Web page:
Dr. Martin G. Scanlon

Position: Professor and Dean, Faculty of Agricultural & Food Sciences

Dr. Scanlon is in an administrative position and is not considering new graduate students.

University of Manitoba
Department of Food and Human  Nutritional Sciences
Room 208 Dairy Science Building & 256 Agriculture Building
Winnipeg, MB R3T 2N2 Canada

Phone No.: (204) 474-9380

E-mail: Martin.Scanlon@umanitoba.ca

Operative Miller Certificate (with Distinction), City & Guilds (London), England

Ph.D. (Food Science), University of Leeds, England

B.Sc. Hons. (Food Science), University of Leeds, England

2014 University of Manitoba Graduate Students' Association (UMGSA) Award for Excellence in Graduate Teaching

2013 University of Manitoba Students’ Teacher Recognition - selected by Faculty’s Gold Medalist, Ryan Murphy

2012 AACC International Rheology Division George W. Scott Blair Lecture Award

2010 ADVANCE Distinguished Lecturer, Kansas State University

Research Interests:
1. Modelling Process & Ingredient Effects on Food Properties: The complex structure of biological materials poses substantial challenges to mechanistic modeling of the physical properties of these materials. I have attempted to resolve these challenges by examining the properties and dynamics of bulk food materials from a matrix and inclusions perspective.  In particular, posing the question: how do food process operations create foods with desirable quality attributes as we manipulate the volume fraction and type of inclusions.  With my students and postdocs, or with them and my collaborators, I have influenced thought in this area through a number of outcomes, but three are highlighted here.
1) We successfully used synchrotron x-ray tomography to rapidly and non-destructively quantify the distribution of bubble inclusions in unyeasted dough.  This permitted the rapid dynamics of these fragile inclusions to be accurately quantified for the first time.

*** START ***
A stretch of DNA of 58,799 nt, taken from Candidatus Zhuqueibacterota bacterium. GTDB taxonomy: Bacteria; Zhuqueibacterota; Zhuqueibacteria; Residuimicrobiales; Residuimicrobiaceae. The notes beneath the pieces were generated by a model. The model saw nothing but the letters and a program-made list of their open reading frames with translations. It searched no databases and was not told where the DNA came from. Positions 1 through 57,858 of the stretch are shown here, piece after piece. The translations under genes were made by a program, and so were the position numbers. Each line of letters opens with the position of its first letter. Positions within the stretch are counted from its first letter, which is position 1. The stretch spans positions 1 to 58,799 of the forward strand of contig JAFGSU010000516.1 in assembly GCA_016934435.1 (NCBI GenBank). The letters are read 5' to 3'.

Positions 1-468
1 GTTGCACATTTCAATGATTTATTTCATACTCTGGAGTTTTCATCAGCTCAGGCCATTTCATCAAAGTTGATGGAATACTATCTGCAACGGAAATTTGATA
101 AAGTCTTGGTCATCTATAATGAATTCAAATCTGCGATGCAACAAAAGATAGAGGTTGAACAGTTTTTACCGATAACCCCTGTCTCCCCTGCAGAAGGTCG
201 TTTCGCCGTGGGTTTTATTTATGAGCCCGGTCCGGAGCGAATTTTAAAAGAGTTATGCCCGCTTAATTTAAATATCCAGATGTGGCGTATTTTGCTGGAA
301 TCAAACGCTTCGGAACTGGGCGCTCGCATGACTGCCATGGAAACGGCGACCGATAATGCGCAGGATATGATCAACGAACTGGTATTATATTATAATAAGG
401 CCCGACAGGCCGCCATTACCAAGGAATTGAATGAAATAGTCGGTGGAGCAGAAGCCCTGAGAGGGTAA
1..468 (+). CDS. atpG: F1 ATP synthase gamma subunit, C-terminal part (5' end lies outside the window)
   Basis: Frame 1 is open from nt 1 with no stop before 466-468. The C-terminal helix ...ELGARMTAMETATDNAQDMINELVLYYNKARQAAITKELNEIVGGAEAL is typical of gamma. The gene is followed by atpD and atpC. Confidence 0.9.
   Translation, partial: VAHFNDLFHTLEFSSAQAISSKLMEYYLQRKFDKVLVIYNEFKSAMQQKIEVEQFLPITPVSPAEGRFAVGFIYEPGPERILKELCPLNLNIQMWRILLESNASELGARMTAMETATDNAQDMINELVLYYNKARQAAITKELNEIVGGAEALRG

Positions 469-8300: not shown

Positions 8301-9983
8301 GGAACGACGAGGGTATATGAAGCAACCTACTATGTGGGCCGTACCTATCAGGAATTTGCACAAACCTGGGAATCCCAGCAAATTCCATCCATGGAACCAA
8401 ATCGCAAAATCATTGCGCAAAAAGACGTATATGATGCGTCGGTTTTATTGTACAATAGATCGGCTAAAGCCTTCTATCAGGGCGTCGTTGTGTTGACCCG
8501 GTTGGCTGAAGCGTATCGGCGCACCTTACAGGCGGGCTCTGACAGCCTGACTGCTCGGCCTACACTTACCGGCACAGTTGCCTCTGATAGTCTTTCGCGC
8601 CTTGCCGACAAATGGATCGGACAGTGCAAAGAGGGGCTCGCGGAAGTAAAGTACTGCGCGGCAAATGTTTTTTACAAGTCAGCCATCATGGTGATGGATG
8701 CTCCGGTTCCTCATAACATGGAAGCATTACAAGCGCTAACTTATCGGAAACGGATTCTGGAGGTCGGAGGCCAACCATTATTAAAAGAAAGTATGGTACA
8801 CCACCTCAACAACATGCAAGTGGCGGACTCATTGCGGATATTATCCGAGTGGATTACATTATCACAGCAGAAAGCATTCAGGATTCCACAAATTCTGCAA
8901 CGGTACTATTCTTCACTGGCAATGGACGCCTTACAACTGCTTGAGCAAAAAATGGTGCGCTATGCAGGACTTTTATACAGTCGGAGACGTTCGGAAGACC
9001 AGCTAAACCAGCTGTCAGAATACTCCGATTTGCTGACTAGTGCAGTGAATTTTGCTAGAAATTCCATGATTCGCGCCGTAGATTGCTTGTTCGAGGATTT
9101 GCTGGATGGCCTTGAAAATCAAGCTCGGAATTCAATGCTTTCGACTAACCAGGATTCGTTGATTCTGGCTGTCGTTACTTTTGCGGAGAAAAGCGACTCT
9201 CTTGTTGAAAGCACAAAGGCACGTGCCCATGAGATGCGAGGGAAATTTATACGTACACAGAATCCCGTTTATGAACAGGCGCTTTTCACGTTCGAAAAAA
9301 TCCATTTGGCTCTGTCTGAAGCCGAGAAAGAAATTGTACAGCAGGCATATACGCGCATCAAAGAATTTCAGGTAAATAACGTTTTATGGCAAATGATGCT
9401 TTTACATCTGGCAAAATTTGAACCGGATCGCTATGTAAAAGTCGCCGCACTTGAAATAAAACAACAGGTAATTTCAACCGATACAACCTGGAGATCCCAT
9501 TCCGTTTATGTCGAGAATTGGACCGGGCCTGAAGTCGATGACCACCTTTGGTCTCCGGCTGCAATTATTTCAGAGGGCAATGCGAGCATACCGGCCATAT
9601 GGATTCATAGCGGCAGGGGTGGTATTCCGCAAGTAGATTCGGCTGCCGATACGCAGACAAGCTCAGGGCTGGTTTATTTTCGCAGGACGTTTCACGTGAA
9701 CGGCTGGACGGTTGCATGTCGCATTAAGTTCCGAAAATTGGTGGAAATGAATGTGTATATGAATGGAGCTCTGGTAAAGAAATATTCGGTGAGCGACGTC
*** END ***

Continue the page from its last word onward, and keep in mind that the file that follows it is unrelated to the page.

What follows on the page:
2) Micro- or macro-scopic “harder” inclusions also have interesting dynamics, influencing the properties of many processed foods.  These dynamics change when polymers are in the continuous phase that contains these inclusions, and these polymers can originate from addition as ingredients or from process effects.  When we enriched dairy products with a dietary fibre ingredient we showed that a theory on entropically-driven phase separation in colloidal systems quantitatively mapped the phase diagram for the system, permitting manufacturers of fibre-enriched dairy products to ascertain how much fibre a given dairy system can tolerate based on the results of a protein assay. An extension of this research is a new collaboration with Dr Norisuye of the Kyoto Institute of Technology (KIT) where I am investigating whether his Dynamic Sound Scattering technique can capture the early-time dynamics in sub-micron colloidal suspensions with the goal of predicting the long-term stability of milk protein concentrates. Thermal process origination of polymers in the continuous phase was studied in Ms Sinaki’s thesis, and we showed how polymers liberated by processing transformed shear-thickening particulate suspensions into shear-thinning suspensions.  Insights from this research are driving innovation in the processing of prairie agricultural commodities: I have worked with a start-up company that has a sophisticated sterilization system to process vegetable products where knowledge of particle-matrix interactions are critical to both process performance and to product quality. 
3) Research leadership on quantifying the thermodynamic properties of food proteins led to a collaboration with cereal science’s pre-eminent scientist, Dr Delcour, of KU Leuven, Belgium.  We showed that egg-white’s main protein, ovalbumin, undergoes two compressibility transitions during heating, associated with restructuring of water on the protein surface as fibrils form.  The influence of this research is yet to be felt, but given the role of fibril formation in a number of debilitating diseases, insights from compressibility measurements on water structuring around proteins may have far-reaching impact.

Our programs in this area has led to invitations to participate in international panels of experts reviewing various program.s  Examples include: IRNA's CEPIA division in France (site visits in 2010 and 2013) and reviewing Belgium’s top-level research programs (Methusalem Fellows) in 2014.  The industrial relevance of the science is also viewed as an asset to innovation in food processing, with invitations to present to a large food processing company in 2014 and at an industry symposium in Boston. I am also a partner in a company developing an on-line quality assessment tool, developed from an idea for on-line manufacturing (Scanlon et al 1997, p. 88 in: Proceedings from the Sensors for Nondestructive Testing Conference) which was subsequently transformed into a patent by my business partners.